Firehouse goes on the block Thursday

November 11, 1992 (~estimated)

Firehouse goes on the block Thursday

By Laurie Lynn Strasser

Staff Writer

The commercial version of a handyman’s special, the 60-year-old Chambers Street firehouse will sell to the highest of at least five bidders Thursday.

Banners across the brick facade of the three-story, 8,800-square-foot fire station announce that it will go on the block Nov. 12 at 7 p.m. in Borough Hall.

The borough assessor initially estimated the property’s value -at $1.3 million, borough Mayor Marvin Reed said in July, but it could be worth $200,000 more or less than that amount in today’s market, he said.

Proceeds from the transaction will pay for construction of the Witherspoon Street firehouse. Mercer Engine Co. No. 3 moved there in October from the Chambers Street station.

Although, no minimum price has been declared,, a starting bid will be set by the auctioneer the day of the sale, said Joe Zidek, auction division manager of Coldwell Banker Schlott. The Wayne-based firm will receive a 5 percent cut of the sale price for its marketing services.

“It’s been a difficult sale, more difficult than most,” he said. “It’s definitely not a turn-key building. The building — to be used for any use other than the firehouse — is going to require an extensive amount of work.”

Most prospective purchasers aim to convert the fire station into a restaurant, though not all are restaurateurs, he said.

“Some have construction back-grounds or they’re investors,” he said. “They want to do the building as a restaurant and then either sell or lease it to a restaurateur.”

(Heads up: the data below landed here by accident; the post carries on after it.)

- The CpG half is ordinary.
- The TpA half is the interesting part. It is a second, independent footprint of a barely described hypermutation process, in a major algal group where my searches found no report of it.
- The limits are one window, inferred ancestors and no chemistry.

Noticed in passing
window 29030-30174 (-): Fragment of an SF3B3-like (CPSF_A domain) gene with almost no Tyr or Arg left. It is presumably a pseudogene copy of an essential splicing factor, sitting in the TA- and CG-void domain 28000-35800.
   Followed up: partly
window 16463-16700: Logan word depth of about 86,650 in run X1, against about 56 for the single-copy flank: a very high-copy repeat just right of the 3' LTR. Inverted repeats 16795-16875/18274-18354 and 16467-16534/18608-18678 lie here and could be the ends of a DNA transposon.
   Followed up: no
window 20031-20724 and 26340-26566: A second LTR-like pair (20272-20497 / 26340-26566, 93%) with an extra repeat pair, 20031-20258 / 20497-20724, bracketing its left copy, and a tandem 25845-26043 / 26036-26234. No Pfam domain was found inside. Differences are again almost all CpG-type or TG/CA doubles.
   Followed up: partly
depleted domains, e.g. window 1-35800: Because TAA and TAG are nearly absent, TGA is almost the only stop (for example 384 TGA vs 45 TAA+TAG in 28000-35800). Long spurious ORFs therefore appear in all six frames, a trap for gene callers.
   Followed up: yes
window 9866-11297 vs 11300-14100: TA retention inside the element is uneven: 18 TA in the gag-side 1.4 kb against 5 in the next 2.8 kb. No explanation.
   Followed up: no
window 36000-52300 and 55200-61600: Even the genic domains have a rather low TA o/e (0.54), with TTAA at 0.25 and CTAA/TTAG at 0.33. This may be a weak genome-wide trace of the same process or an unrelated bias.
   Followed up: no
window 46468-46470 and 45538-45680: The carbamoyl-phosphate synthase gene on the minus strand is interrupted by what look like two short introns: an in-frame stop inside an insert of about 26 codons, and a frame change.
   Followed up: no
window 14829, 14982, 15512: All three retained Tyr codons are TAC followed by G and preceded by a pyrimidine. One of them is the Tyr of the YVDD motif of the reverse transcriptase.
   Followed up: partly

Believing such a use would bring top dollar, the Borough Council in September made the 3,000-square-foot lot more attractive as a restaurant site by changing zoning restrictions for food and drink establishments on undersized lots. Buyers now can convert the aging firehouse to a restaurant without providing off-street parking.

The property has been advertised in The New York Times, The Wall Street Journal and other, more locally oriented publications, Mr. Zidek said. Coldwell Banker also target-mailed restaurants in the tri-state area and distributed color brochures to brokers.

The interior doesn’t have a pole, but is loaded with charm, according to the glossy brochure — from the “working fireplace” in the basement to the “free span vaulted ceiling” and “windows on all sides” of the top floor.

The station “cries out for re-habilitation,” the brochure says, listing among its more functional assets a new roof and furnace, and a kitchen behind the street-level park-ing bays.

As of last week, Borough Administrator Thomas Shannon said, five bidders had registered to participate in the bidding contest after touring the site.

“Invariably with an auction, the interest picks up as the date comes closer,” Mr. Zidek said. “The registration cut-off is the day of the sale itself and we are still receiving registrations.”

While inquiries have originated from New York and Philadelphia, Mr. Zidek said, “The most interest is coming from the greater Prince-ton area. It’s not unusual because people who are familiar with the area recognize the potential and the desirability of the location. They don’t have to be sold on Prince-ton.”

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